America’s Foreign Policy Retreat: No Will And No Money President Obama does not want engagement. His policy position is supported by the reality of our fiscal crisis

WASHINGTON – Several WSJ editorial writers point out that the loss of American influence in world affairs is a self-inflicted wound, caused entirely by President Obama’s myopic worldview that belittles problems abroad, while arguing that it is high time for “nation-building at home”.

You are on your own

By withdrawing from active engagement, America signals to all –friends and foes alike– that the bad guys now can have a free hand, (Assad in Syria, Putin in Crimea), while the good guys better find new ways to help themselves. Uncle Sam will not be available should a major crisis come along.

Well, the WSJ writers get it half right. Yes, the current passivity that these days characterizes US foreign policy is due to the decidedly unwise decisions made by this President.

America is broke

However, unfortunately there is more.

America is broke. Really broke.

Back in the 1950s, when post-war America decided to resist Soviet expansionism, it had ample means to do so. America came out of WWI as the dominant world economic power. It could finance the reconstruction of Europe via the Marshall Plan, troops in Europe under NATO’s auspices, the Korean War, and a lot more.

Even the long, costly and poorly managed Vietnam war could be easily financed. In those fiscally happier times we could have it all. Yes, as the saying went, we could have both, “guns and butter”.

Structural deficits hurt defense spending

But it is clear that those days are a distant memory. For several decades Washington has been running exceedingly high, structural federal budget deficits. And here I emphasize the word “structural”.

While it is well within our powers to reform entitlement spending –by far the biggest cause of these deficits– until Democrats and Republicans come to a new and constructive political agreement on this critical matter, you can expect defense spending to be a casualty of Washington’s deeper indebtedness.

Indeed, if the choice is between sending out Social Security checks and financing the next aircraft carrier, we know that Social Security recipients will win.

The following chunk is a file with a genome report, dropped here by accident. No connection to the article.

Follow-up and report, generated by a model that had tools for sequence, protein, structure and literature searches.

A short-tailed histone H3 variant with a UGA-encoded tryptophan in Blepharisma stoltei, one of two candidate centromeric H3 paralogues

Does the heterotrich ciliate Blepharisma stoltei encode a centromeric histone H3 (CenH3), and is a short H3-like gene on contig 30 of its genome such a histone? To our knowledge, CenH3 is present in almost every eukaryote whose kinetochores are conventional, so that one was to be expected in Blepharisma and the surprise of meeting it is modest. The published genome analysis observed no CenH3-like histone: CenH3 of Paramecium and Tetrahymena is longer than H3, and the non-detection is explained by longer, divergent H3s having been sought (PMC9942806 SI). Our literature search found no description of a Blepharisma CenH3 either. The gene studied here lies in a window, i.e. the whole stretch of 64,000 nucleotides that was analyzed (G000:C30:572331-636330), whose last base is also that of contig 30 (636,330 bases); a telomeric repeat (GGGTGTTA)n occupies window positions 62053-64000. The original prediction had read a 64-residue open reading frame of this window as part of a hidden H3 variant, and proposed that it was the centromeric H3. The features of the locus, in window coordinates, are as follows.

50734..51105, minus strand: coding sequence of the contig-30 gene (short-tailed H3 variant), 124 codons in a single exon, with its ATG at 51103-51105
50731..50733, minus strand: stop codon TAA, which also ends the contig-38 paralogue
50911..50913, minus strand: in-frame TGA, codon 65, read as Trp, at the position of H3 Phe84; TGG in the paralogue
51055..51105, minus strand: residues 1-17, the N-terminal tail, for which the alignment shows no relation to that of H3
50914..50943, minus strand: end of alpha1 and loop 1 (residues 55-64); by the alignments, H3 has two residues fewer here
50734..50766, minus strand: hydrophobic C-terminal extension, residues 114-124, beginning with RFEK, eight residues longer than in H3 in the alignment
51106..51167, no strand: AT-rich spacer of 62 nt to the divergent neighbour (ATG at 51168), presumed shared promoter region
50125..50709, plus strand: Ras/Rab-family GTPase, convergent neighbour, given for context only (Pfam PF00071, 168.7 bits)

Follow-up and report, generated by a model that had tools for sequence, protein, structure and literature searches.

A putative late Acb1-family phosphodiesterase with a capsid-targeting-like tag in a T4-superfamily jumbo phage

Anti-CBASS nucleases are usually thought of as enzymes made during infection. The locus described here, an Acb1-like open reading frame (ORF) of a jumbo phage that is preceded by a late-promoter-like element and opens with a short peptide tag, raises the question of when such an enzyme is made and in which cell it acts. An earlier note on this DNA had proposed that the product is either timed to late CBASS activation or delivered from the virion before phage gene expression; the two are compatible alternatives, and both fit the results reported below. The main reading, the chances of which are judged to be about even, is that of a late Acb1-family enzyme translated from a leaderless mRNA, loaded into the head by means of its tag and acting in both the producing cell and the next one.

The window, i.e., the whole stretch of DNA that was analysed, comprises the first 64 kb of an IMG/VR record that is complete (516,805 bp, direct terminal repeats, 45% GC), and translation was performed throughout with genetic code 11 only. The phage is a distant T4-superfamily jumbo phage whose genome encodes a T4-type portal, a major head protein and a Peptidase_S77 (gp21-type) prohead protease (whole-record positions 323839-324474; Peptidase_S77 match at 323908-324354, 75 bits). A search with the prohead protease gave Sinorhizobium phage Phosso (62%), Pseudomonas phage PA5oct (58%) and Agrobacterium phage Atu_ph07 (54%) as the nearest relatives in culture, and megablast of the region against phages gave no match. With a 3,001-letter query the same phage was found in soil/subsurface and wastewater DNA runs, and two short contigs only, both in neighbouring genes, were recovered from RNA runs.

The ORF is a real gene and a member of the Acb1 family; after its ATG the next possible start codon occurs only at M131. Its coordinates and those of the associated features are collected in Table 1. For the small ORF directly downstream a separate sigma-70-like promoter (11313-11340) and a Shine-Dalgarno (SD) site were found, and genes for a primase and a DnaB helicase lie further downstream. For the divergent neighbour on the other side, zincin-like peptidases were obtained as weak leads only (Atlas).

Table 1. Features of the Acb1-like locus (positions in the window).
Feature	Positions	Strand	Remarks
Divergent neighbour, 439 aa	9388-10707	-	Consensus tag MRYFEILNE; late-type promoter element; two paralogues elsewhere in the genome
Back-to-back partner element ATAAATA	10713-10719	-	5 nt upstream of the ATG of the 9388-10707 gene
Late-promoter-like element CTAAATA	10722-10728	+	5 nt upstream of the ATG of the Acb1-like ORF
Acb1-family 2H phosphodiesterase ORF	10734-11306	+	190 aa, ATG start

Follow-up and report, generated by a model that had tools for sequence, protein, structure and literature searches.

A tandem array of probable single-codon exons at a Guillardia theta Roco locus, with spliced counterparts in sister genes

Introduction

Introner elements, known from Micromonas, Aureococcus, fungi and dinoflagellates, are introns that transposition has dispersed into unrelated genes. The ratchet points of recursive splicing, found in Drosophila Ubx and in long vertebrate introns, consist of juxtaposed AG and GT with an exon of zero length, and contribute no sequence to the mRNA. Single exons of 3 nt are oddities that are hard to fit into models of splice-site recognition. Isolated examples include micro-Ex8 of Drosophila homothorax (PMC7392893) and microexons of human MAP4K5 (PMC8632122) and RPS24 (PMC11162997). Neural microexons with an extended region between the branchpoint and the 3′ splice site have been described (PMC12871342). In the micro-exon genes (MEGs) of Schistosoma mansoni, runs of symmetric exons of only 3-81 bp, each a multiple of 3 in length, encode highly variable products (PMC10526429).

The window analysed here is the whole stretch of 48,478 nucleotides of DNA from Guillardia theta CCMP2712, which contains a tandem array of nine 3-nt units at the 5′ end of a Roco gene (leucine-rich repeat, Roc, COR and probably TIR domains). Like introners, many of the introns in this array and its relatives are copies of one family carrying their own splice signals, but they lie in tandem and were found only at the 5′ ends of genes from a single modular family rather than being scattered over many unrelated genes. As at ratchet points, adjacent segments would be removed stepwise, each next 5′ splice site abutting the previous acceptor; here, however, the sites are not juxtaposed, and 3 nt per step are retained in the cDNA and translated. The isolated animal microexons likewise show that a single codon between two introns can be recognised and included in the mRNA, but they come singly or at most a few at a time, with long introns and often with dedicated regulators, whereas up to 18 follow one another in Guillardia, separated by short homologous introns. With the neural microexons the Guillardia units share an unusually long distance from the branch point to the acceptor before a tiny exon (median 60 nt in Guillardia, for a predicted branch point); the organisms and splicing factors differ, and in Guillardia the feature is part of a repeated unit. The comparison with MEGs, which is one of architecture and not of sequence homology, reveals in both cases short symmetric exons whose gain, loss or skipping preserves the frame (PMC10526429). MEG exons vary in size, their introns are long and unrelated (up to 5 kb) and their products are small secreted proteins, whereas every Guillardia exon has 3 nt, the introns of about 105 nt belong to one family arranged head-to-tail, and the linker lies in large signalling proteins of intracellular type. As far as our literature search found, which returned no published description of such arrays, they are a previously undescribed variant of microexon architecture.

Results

Lack of will, lack of means converge

And here is where Obama’s instincts of retreat from world affairs converge with an objectively horrible fiscal picture. Whatever this President, or any other President for that matter, may want to do in foreign policy, there is no money to keep the defense spending levels that used to be affordable until not too long ago.

And you cannot have a credible, more forceful foreign policy if this is not backed by real military power. If you do not believe me, just look at Europe. Who cares about what a virtually disarmed Europe says about this or that world crisis?

This way the defenders of Obama’s approach can say, with some justification, that we have to adjust our foreign policy ambitions to our fiscal realities. We have to do with less. Which means we do less.

All this is reversible

True enough, arguably both elements of this unhappy convergence –lack of will and lack of means– could be reversed. A different President could choose to engage more, while a new political consensus in Washington could finally address our structural fiscal imbalances.

That said, the second issue –our fiscal problem– is much more complicated, because it would need a brand new political consensus in order to be rectified –something that it is almost unimaginable in the current rancorous political climate in which the very notion of “compromise” is heresy.

Electing a new President in 2016 who may want to go back to a more engaged foreign policy would be welcome, but not enough.

If you have no money, you cannot finance engagement.

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